Frank R. Walker
(1877–1949), the architect responsible for such Cleveland landmarks as Cleveland Public Library, the Federal Reserve Bank, Public Auditorium, St. Paul’s Episcopal Church in Cleveland Heights, Epworth-Euclid Methodist Church, the original Municipal Stadium, and the Lorain-Carnegie (now renamed Hope Memorial) Bridge. Seen more widely as specialists in bank buildings, having designed more than 60 throughout Ohio, the firm of Walker and Weeks (est.1911) was to become Cleveland’s foremost architectural firm in the1920s, known for its monumental work done in the Classical Revival Style.
The basic structure of the great bridge that spans the Cuyahoga at the transition point of Carnegie Avenue and Lorain Road, which opened in 1932, was designed by the engineering firm of Wilbur J. Watson with 13 cantilever truss spans varying in length from 299′ over the river to 132′ at the ends. A lower deck, intended to carry four lanes of vehicular traffic and two streetcar tracks, was never completed. But it was Frank Walker who, as consulting architect, was to give the structure its iconic character. One of the variations from strict engineering necessity he introduced was the curving of the lower edge of the trusses to give a more pleasing arched appearance; but his signal contribution was the four massive stone pylons carved with eight larger-than-life figures in bass relief that represent the Guardians of Traffic (or, as cab driver novelist Mike DeCapite has more poetically dubbed them, the Muses of Transportation). Designed by Walker and sculpted by Henry Hering, they took the form of transitional figures between the stylized classicism of the city’s characteristic skyline and the Modernistic or Art Deco style of the early Thirties.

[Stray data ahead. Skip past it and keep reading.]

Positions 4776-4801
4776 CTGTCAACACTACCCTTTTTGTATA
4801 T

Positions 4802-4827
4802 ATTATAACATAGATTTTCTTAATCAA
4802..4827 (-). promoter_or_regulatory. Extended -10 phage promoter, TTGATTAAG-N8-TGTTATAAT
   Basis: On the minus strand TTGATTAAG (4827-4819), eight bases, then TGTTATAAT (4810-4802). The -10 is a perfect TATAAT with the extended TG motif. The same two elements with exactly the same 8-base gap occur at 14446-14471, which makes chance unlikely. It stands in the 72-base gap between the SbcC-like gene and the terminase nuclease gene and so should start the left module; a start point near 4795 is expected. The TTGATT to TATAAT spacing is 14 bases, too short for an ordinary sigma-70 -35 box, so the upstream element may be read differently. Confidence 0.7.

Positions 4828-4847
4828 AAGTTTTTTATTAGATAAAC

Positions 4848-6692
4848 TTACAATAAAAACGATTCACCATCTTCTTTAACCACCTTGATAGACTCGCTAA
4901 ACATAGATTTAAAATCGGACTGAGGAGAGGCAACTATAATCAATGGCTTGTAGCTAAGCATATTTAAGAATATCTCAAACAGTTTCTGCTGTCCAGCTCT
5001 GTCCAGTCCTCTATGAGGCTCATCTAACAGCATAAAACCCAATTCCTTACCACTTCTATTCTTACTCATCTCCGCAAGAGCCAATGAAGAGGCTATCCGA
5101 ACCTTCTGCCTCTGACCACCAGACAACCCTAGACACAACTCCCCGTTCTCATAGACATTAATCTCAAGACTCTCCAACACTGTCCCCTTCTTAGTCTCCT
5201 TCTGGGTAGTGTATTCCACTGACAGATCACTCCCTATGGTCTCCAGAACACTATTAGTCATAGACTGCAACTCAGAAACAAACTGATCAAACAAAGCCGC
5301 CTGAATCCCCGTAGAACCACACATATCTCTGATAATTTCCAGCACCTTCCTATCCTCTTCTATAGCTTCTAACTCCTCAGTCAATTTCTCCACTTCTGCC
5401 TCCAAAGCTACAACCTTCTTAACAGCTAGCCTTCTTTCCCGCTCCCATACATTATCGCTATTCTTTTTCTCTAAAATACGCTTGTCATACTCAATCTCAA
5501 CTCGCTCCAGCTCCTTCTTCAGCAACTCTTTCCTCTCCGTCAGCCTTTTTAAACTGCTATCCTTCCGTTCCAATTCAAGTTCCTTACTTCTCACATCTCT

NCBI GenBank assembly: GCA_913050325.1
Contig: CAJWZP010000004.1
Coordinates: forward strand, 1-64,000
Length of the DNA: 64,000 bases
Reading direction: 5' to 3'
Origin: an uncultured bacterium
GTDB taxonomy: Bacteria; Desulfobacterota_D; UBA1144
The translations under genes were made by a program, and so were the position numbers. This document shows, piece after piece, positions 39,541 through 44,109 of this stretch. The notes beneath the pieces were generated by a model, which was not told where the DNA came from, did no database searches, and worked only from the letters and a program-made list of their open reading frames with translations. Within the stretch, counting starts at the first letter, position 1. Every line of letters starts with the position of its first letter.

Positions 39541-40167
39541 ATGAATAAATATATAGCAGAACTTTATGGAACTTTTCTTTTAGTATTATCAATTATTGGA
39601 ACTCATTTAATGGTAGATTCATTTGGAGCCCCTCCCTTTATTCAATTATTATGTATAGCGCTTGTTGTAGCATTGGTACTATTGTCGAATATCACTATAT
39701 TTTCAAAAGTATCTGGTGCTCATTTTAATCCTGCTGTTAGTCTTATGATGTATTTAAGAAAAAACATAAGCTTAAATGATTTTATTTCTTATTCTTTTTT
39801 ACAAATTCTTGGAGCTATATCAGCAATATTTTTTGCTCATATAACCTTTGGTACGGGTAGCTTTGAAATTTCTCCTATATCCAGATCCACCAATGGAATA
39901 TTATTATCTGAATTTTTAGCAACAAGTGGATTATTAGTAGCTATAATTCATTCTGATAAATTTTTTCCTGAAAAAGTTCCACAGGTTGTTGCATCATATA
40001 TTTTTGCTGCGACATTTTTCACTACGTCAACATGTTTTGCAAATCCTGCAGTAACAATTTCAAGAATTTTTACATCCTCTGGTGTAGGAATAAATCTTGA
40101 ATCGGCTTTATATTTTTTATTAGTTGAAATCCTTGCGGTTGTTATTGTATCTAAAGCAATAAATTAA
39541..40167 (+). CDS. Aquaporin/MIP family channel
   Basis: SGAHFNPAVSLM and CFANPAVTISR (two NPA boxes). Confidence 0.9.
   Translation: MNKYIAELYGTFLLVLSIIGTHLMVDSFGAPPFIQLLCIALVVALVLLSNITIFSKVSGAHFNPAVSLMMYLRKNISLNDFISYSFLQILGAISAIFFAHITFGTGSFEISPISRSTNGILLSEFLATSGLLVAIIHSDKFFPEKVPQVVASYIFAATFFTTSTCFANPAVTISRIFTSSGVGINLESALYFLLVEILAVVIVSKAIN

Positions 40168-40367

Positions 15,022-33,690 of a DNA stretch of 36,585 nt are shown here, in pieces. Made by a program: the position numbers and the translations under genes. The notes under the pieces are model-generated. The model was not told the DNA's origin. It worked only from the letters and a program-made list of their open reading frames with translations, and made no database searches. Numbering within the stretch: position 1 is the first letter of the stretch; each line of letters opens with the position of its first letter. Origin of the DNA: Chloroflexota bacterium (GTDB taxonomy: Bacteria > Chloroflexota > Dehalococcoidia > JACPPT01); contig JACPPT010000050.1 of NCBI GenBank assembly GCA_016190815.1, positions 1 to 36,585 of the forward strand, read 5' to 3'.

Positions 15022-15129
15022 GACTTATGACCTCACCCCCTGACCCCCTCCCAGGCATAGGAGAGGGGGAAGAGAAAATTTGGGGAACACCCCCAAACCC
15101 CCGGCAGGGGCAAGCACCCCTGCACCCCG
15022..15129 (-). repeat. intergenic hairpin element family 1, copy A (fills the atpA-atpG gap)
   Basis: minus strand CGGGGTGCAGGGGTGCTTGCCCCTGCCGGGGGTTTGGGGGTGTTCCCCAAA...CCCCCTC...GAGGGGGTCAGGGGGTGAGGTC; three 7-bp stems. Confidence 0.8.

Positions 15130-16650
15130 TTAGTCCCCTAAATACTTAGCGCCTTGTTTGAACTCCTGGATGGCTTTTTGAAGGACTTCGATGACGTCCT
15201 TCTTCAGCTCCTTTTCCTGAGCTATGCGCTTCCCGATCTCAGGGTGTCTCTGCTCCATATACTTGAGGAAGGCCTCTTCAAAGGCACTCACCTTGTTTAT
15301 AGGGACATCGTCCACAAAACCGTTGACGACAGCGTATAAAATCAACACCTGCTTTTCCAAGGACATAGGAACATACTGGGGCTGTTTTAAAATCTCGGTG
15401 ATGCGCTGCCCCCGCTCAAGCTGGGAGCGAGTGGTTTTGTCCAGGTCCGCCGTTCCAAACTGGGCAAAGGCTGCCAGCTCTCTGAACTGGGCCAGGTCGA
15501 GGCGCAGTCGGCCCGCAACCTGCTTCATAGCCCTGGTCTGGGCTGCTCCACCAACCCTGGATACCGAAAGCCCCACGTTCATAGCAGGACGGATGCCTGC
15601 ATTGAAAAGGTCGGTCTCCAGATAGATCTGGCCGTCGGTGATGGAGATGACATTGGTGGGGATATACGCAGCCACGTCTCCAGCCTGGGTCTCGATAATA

The Guardians of Traffic: Stone cutters pose on one of the magnificent pylons bound for Hope Memorial Bridge c.1931 (Western Reserve Historical Society)